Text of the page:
So, did Padilla and the others get a fair trial? Given the culture of fear that has pervaded the nation these last six years, the nature of the charges, the locale of the trial (Miami) and the jury-selection process, could the jury be impartial? Remember that originally, Padilla was charged by the highest law-enforcement official in the land (John, "Too Dumb To Beat A Dead Guy" Ashcroft) with planning to set off a "dirty" nuclear device. Could Padilla assist in his own defense--a requisite of fair, or even legal, trials, after 3 1/2 years of solitary confinement interrupted by interrogation and abuse (some of us call it torture)? I doubt it. I doubt it very much. Could the trial have been fair? Let's just say that the defense faced substantial obstacles.

A prediction: Padilla will get a long sentence. His conviction will be upheld by a Republican-dominated Court of Appeals, and the Supreme Court will refuse to hear the case. He will be pardoned by a future President, but not until he has served a lengthy period in jail.

(For those who are baseball-challenged, the test sentence translates as follows: The Red Sox come home after a road-trip, to play a night game against the Cleveland Indians in the American League pennant race.)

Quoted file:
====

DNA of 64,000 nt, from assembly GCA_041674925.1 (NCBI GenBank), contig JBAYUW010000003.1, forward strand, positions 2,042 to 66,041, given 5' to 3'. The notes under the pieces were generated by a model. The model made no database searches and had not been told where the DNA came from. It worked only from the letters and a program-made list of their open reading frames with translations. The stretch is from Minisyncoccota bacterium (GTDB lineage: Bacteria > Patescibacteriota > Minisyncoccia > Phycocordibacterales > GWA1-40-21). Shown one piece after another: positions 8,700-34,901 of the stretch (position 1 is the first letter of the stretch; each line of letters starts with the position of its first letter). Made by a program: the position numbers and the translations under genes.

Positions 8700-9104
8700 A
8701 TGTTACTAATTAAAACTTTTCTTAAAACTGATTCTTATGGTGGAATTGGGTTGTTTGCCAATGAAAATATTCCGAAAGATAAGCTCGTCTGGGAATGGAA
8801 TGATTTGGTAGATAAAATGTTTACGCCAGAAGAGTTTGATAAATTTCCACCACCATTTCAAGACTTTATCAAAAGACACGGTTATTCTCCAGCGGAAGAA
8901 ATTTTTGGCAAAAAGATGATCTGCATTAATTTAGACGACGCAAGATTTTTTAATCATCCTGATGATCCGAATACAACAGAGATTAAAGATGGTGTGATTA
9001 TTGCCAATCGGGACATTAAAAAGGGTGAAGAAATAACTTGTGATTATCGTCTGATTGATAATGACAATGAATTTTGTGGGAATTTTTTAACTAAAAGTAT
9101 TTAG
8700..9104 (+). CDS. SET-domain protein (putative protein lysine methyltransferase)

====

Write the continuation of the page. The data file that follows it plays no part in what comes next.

TheRiver said...

But I despise this administration--and what it has done to our Constitution--so much that I really wanted the jury to acquit them.

I too despise this administration, but I wanted him acquitted simply because he was tortured. I would have felt the same had Clinton tortured him.

I don't want torture to be a standard part of our justice system. Yes he's probably a scumbag. But we don't torture people - not even scumbags.

Why the hell have a system of laws if we ignore them? Why not have an eye for an eye and a tooth for a tooth the way the Sunni and the Shia in Iraq seem to do it?

After thousands of years of civilization It's as if we've learned nothing; a civilized society based on the rule of law does not torture. Period.

Leanderthal, Lighthouse Keeper said...

I agree with "theriver".

I also despise this administration, but I'm also mindful that decent people I know, some of them kin, are quick to jump on our "despise"
stance and say things like, "You can always tell those who spout phrases and talking points without thinking", or who are so much a part of a "camp that they can't escape".

I admit that when I see and hear George W. Bush, my hair stands on end. That is an